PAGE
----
By TNCP Staff
The cosmos is always changing and delighting us. Amateur astronomer, Rod Bisher, has been instrumental in exposing everyday people the science of exploring of the universe. Even though the field of astronomy originated and evolved over millennia with the advancement in technology the field is ever evolving. With the need for humans to understand the history and science of the universe and to comprehend the causes of celestial events, there has been more interest in astronomy.
On October 26, 2015, pre dawn, the sky was gorgeous. The moon was almost full as Venus, Jupiter and Mars crossed paths in a pre-Halloween luminary display for last time until 2021. The three planets, all pursuing their ordinary orbits around the sun, was visible until around October 29. The best view was on the 26th before dawn and of course Bisher was watching this spectacle with his large telescope in his backyard.
People who are in love with astronomy seem to support others who are interested, Bisher said, “The telescope I have was given to me one summer by a lady from Indiana. She was visiting a camp I was involved in, helping to teach a high school group during a week.”
When Bisher was five, his mother took him outside one night and showed him the first satellite, Sputnik, put into space by the Russians. He said he did not really understand what the experience meant but it stayed with him. By age seven, he had developed more of an interest when he read his first book from the library, "The Spaceship Under the Apple Tree" by Louis Slobodkin. The story intrigued him and he began thinking about what might be out there in space.
Bisher remembered, “By the time I was nine, my teachers in my elementary school would stop class each time a new space launch was made and we'd get to watch it on television in our classrooms. I saw all of the Mercury, Gemini, and Apollo launches. Also, when I was nine, I was taking out the trash one night, and a meteorite came streaking across the sky above my house and lit up the whole area. I was hooked for good and I remember saying, 'That was awesome!'”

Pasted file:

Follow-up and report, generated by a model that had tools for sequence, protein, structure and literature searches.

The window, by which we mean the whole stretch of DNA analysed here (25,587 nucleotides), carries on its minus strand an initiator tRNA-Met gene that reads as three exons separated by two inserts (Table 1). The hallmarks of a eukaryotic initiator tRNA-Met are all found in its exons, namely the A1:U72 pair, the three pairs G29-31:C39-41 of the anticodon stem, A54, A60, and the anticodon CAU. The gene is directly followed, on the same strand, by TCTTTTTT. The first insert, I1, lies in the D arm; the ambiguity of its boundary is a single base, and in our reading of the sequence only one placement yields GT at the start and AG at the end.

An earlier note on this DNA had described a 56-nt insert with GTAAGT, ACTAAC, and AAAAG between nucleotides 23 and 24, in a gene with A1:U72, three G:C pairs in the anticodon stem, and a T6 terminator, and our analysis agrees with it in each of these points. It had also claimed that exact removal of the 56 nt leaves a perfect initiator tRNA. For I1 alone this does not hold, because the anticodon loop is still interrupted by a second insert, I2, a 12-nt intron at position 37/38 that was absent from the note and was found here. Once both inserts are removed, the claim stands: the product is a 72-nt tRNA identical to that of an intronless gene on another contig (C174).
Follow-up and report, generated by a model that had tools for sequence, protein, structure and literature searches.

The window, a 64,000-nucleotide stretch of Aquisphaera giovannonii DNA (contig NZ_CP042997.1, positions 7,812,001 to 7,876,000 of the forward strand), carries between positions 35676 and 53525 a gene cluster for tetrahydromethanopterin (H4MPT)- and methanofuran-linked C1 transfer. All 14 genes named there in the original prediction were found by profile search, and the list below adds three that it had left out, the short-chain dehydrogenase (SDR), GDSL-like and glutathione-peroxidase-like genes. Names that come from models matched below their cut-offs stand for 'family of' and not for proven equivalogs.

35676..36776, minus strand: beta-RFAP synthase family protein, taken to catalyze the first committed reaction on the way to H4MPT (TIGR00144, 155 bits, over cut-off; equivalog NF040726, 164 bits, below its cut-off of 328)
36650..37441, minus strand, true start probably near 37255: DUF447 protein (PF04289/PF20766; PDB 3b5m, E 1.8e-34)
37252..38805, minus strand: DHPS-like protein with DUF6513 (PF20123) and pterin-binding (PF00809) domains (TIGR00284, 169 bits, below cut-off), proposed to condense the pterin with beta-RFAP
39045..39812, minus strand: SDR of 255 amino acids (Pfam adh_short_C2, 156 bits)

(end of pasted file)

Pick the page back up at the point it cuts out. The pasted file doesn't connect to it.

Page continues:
About 22 years ago, after obtaining his first telescope and after just getting my business underway, he still hadn't come up with a name for the business. Just a couple of days before he had to get the paperwork finalized, something unexpected happened.
While in his backyard with his telescope his big Old English Sheepdog, Booster, wanted to play. However, Bisher was more interested in looking through his telescope. The night was quite dark and he was trying to focus in on a star cluster that he had never seen before.
At the same time, Booster who loved playing with large sticks, was using one of those sticks to whack his legs to play with him. He grabbed the stick and threw it to him and in a few seconds, Booster was back again, thrashing his legs with the stick.
Bisher excitedly said, “This occurred several times, until a thought struck me, "Wait a second!...Dogs fetch sticks... I fetch stars and bring them to people....Dog ....Stars....StarDog... 'StarDogs Astronomy! We fetch the stars and bring them to you!' Thus, my dog is the reason for my business name.”
Speaking about astronomy made Bisher remember how looking into the night sky fired up his imagination.
With much excitement he said, “To dream, to wonder, and imagine exploring places far away out there! Later, I learned the spiritual aspect and the meaning of looking up and it forever changed my perspective. I also remember the Space Age and the excitement it gave kids and adults when Americans ventured into orbit and then to the moon. We live now in another age of space exploration and new astronauts, as well as new astronomers, will be needed to conduct that exploration.”
StarDogs Astronomy is a traveling planetarium that stays very busy. They make between 65-75 visits a year to educate students and adults alike. The planetarium program uses their portable StarLab inflatable planetarium,_and there are 25 different planetarium presentations from which clients can choose from. Our Amazing Universe is an assembly program in which Bisher uses a multiplicity of space themed props to teach all about early space exploration, current space missions, future space flight, the planets, stars, distances, space probes, and our solar system.
Some of the other planetarium programs include “The Planets”, “The Sky Tonight”, “Men, Myths, and Monsters of the Sky for a Particular Season”, “Moon Phases”, “The Seasons of the Year”, “Ancient Egyptian Skies”, “Native American Skies”, “Christmas Skies”, “Tracking Hurricanes” and some custom programs as well.
Bisher said that teaching others about astronomy is a lot of fun!
He added, “I have to say that the weeks I get to be a part of different camps has been the most rewarding as I get to spend an entire week with students and camp staff. We are able to share with one another and develop long lasting relationships.
Contact StarDogs Astronomy at firstname.lastname@example.org_ or call the office at 517-803-2349_. To see more log on to www.facebook.com/stardogs.info.
This article was printed in the November 15, 2015 - November 28, 2015 edition.